A Perspective on Africa: Community is Key

Successful technologies in Zimbabwe must focus on we, not me

19 February 2015

Photo: Gertjan van Stam

Gertjan van Stam [second from left] with his wife and children on a road near their home in Harare, Zimbabwe.
This article is part of our February 2015 special report on “Global Development,” which highlights IEEE’s efforts in using technology to help advance developing and underserved regions.

Gertjan van Stam is a member of the IEEE Ad Hoc Committee on Activities in Africa, which formed two years ago to help the organization determine how it can best assist sub-Saharan Africa. An IEEE senior member, van Stam has been living in Harare, Zimbabwe’s capital, for the past two years where he is a research fellow for the Scientific and Industrial Research and Development Centre, a government-run national institute that develops technological solutions for sustainable development. He analyzes what the country needs in the area of information and communications technology and provides consultancy and support services to the local manufacturing and technology industries as well as entrepreneurs.

Van Stam is a former entrepreneur himself. Before moving to Harare, he lived for a decade in the remote south Zambian village of Macha, where he built and ran the country’s first rural Internet cooperative called LinkNet Zambia. Its users share the costs of a local Internet connection and wireless infrastructure and maintenance.

During the committee’s visit in January to the IEEE Operations Center in Piscataway, N.J., van Stam shared with The Institute some of his research findings about the country’s culture to help businesses succeed there.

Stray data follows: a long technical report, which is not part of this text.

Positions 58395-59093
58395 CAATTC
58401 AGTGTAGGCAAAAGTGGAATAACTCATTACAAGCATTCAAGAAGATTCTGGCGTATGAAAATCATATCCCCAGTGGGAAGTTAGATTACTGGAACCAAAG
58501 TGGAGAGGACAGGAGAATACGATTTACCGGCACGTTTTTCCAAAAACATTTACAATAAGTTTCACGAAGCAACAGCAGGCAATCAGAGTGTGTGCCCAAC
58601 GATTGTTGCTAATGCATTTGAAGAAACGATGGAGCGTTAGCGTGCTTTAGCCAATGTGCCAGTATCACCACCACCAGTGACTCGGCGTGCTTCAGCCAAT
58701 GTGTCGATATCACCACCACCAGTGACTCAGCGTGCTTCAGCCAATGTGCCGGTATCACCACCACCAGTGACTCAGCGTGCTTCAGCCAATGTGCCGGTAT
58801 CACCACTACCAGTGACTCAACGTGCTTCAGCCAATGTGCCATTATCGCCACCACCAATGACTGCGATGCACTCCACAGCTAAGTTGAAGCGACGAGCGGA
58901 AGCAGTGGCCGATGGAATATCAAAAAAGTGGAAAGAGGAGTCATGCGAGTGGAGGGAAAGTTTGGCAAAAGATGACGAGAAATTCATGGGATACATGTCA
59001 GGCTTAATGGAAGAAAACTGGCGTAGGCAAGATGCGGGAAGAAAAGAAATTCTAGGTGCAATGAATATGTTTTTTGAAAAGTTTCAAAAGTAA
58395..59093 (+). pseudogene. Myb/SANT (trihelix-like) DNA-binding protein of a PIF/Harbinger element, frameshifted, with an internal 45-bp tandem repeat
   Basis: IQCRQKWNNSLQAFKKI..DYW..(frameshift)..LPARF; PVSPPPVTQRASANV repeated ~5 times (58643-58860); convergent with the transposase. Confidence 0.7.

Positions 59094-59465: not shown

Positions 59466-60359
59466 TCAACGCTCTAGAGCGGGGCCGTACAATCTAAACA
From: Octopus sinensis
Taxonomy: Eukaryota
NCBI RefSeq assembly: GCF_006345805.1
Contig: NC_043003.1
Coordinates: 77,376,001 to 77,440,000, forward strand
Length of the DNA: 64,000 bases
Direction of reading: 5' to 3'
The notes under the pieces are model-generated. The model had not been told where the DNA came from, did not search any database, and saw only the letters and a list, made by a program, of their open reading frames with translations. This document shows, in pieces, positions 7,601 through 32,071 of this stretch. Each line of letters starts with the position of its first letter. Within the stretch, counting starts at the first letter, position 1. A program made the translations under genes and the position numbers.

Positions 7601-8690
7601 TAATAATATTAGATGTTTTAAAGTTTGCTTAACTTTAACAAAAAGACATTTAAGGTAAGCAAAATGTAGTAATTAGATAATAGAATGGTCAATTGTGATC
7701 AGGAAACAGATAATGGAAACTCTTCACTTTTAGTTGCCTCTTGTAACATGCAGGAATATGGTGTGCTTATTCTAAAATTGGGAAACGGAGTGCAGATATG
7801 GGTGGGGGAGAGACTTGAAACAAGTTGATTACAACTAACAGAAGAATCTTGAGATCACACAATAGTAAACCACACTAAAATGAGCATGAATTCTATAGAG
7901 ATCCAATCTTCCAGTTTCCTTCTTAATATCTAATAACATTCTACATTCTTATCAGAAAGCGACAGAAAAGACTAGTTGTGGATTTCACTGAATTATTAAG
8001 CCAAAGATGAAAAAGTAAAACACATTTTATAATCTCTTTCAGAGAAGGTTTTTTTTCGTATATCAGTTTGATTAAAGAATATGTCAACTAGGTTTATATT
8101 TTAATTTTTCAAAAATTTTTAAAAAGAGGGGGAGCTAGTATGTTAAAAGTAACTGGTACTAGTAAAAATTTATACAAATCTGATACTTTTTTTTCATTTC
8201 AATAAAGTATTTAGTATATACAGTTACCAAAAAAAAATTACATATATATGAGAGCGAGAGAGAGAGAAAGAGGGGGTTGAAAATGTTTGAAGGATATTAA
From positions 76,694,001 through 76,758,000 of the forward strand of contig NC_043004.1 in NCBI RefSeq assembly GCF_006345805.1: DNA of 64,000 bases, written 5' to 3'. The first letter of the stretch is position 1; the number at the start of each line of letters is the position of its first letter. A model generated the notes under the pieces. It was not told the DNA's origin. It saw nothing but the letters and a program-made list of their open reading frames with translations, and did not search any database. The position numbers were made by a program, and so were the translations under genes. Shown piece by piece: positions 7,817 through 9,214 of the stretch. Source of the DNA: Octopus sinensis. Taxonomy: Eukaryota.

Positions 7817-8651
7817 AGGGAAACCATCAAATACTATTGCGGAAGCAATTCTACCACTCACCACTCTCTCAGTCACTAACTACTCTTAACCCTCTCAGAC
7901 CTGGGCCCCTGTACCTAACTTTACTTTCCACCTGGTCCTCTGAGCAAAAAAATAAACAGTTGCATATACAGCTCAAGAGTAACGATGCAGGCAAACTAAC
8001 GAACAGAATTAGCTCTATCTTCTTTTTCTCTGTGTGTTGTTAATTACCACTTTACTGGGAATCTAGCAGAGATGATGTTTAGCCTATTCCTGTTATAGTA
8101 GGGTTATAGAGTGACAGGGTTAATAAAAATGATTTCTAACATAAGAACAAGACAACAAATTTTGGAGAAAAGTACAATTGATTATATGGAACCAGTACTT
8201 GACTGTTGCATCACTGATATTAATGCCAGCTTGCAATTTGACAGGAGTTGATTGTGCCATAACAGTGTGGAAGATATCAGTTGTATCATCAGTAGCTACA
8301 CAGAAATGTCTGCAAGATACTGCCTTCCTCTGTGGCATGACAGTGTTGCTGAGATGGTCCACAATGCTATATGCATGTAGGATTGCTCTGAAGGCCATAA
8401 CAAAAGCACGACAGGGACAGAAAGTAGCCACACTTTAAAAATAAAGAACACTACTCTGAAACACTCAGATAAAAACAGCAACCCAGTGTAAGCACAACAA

Africa is all about community. You as an individual are a derivative of the community, according to van Stam. The Western paradigm is an individualistic one where the person is his or her own entity who has to compete or cooperate with other entities, he says. Tech developers for Africa must recognize that a product geared toward an individual that doesn’t benefit the community as a whole will be viewed with suspicion there. “If a technology helps only one person, it might not be used,” he explains. “The quality of life in the African setting is the quality of the community first and the individual second.”

Moreover, the African culture can be described with an Ubuntu term, which according to van Stam, translates to ‘I am because we are.’

“As a person, I’m defined by we. It’s not we defined by I,” he says. “It’s the communal self that needs to be empowered through technology, and not all technology does that. It’s difficult to understand it from an outside perspective, but developers have to learn how to do so in order to be successful in Africa.”

Africans also prefer face-to-face communication. “The West often uses text to describe something but in Africa we meet,” says van Stam. “We look each other in the eye. Exchanging stories and narratives is super important.”

When creating applications for locals, he says developers should consider videos and video chat over other options such as texting and e-mail because of their preference for seeing one another when communicating.

And if individuals get access to resources such as electricity or Internet access, it is imperative they share them with the community.

“If I share with someone else I don’t necessarily do it because I expect them to give it back, but of course I expect to get it back one day,” says van Stam. “So when I have a surplus I’ll share, knowing that is how it works in a community. But when I don’t have much, I’m expecting someone to give me something. It would not be good if the other person doesn’t do that. It’s not about taking; it’s about sharing.

“Business in Africa will grow when people realize that their products and services have to serve communities, and not individuals necessarily,” he continues. “There’s nothing wrong with products for individuals, but it’s about having the right focus when it comes to Africa.”

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